From the Observer profile of Massimiliano Gioni:
Growing up outside Milan in a town he likened to Newark, Mr. Gioni found himself drawn to art precisely because there were no adults talking to him about it. "It didn't belong to the school or the teachers," he said. "It was mine."And from Stranger art critic Jen Graves' review of "Parenthesis," a new show at Western Bridge in Seattle:
When he was 14, he started reading the Futurists and the Dadaists--he can still recite by heart Tristan Tzara's Manifesto of Mister Antipyrine--and listening to Sonic Youth, Fugazi, and Dinosaur Jr. He also started looking at the pictures in Artforum and Flash Art, and loving what he saw "because it was so strange."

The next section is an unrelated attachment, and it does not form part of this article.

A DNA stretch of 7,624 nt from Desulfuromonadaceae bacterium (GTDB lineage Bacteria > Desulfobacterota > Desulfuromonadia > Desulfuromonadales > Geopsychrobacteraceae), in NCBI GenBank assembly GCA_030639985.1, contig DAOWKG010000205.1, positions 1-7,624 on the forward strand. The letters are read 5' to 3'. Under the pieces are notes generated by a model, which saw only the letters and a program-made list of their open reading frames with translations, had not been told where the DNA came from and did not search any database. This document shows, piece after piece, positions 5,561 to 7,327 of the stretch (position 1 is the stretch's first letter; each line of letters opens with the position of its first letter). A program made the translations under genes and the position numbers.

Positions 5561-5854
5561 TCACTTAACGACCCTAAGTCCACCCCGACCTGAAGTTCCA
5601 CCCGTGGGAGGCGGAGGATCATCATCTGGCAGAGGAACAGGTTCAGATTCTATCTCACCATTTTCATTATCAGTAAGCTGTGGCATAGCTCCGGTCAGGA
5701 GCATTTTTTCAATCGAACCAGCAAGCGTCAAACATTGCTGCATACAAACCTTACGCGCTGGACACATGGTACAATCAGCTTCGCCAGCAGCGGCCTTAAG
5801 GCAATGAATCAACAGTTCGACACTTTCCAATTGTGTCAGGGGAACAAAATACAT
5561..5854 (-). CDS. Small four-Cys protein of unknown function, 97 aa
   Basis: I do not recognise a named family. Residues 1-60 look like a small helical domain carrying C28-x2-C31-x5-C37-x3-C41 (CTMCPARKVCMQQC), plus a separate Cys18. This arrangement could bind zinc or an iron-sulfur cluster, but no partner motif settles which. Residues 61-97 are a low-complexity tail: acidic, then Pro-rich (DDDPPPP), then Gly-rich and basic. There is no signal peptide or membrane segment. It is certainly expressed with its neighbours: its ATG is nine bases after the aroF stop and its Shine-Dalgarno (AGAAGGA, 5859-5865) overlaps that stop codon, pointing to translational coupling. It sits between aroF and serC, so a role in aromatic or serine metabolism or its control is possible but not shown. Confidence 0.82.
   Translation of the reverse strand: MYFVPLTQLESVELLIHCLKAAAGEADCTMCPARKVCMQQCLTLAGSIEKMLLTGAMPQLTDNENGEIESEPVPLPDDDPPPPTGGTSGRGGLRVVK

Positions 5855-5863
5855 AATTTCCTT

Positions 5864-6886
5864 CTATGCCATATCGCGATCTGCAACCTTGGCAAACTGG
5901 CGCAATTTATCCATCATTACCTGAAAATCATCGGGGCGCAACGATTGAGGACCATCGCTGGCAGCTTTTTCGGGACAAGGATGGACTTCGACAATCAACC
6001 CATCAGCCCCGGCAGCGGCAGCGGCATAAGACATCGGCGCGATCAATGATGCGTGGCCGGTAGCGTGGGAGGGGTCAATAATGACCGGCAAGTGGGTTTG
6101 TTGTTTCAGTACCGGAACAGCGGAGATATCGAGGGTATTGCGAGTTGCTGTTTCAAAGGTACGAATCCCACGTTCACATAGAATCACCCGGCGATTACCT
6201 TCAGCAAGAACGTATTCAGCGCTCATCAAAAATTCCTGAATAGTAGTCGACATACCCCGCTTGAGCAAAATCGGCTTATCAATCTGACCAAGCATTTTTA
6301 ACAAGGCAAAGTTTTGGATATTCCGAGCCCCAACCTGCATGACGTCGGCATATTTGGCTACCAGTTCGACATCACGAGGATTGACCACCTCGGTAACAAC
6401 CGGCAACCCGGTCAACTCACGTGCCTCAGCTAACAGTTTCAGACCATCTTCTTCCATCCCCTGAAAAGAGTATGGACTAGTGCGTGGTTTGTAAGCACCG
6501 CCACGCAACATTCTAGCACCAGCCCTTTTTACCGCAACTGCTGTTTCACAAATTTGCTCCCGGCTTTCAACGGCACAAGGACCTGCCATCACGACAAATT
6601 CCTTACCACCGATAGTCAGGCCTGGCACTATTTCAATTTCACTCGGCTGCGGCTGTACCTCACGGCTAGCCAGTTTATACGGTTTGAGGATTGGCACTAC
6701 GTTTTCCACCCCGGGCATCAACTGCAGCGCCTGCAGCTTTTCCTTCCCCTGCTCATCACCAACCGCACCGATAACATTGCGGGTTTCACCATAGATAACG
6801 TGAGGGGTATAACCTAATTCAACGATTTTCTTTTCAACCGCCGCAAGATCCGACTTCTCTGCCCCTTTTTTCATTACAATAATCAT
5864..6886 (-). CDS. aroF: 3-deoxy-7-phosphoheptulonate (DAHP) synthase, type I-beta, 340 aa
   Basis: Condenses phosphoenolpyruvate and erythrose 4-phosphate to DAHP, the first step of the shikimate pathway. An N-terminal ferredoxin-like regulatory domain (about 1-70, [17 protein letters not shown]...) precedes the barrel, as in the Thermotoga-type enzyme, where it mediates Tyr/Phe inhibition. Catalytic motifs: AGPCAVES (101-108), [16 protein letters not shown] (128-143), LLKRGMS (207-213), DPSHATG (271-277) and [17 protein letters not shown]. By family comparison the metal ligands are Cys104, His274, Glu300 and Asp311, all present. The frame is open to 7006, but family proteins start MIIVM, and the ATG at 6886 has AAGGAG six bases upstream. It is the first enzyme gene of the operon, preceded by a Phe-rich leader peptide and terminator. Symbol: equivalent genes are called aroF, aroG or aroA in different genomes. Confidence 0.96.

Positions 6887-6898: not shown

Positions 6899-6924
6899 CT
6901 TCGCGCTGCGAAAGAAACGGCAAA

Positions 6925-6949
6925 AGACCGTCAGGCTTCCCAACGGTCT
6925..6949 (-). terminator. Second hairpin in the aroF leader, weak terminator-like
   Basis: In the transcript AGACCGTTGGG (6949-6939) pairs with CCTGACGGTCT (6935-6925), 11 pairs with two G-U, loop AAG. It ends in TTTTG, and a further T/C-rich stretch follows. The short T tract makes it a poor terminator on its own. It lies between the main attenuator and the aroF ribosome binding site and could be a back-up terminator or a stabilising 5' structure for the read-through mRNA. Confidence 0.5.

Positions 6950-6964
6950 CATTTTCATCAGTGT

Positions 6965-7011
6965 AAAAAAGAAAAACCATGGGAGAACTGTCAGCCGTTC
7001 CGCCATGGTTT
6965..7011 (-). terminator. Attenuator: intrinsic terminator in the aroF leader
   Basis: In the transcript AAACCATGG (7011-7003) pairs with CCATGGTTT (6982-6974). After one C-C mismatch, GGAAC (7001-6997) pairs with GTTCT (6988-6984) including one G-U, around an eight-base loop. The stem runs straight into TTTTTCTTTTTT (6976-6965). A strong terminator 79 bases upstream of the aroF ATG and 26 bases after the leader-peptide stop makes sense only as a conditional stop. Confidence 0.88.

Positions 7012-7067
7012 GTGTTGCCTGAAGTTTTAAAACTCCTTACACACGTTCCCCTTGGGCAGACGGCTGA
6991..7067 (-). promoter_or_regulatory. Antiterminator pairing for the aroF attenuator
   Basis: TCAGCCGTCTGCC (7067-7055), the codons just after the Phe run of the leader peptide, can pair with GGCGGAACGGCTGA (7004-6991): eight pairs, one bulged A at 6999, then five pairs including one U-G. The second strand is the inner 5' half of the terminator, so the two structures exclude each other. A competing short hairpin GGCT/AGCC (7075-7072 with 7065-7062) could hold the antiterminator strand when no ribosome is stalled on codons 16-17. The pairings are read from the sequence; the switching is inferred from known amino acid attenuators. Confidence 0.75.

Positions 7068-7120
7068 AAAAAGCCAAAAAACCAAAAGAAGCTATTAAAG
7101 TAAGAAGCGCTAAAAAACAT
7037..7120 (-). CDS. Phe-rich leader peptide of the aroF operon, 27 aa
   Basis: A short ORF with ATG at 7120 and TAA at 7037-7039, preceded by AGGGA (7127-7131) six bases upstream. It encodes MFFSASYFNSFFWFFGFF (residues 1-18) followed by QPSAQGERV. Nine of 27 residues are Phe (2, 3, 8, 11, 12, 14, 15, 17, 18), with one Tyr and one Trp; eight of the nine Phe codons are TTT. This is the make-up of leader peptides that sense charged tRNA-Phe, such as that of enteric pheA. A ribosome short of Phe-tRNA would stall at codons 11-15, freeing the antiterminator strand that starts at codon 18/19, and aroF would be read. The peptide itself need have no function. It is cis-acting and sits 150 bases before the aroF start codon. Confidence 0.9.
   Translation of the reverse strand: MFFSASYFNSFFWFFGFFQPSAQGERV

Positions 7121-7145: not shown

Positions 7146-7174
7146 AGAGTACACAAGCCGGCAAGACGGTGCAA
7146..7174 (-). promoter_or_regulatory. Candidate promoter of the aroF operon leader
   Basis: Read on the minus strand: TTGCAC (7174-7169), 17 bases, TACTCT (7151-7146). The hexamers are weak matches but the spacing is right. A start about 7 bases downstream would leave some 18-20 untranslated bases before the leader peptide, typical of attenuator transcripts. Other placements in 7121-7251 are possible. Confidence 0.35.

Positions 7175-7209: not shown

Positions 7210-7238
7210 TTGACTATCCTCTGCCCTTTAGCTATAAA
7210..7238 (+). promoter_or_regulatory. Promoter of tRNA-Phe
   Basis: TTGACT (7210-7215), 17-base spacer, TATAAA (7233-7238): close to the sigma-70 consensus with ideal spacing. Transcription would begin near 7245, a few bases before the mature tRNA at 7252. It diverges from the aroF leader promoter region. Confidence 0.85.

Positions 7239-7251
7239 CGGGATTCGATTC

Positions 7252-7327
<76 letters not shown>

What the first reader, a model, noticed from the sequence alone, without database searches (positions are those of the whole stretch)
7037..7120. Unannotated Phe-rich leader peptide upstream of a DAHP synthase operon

But when I first read Tristan Tzara's 1918 Dada manifesto in college, as a kid still angry over my parents' messy divorce and the messy new relationships that followed, I was moved by Tzara's childlike claim that "every product of disgust that is capable of becoming a negation of the family is dada." If the family, like art, could not be a strong, safe nest, then it had to be abolished; it's less painful to do away with families than to watch them fail. (Dada was always from the perspective of a disillusioned child.)Either we're in a neo-Dadaist moment right now, or Tzara's Manifestos are the Catcher in the Rye of the art world. [via jason]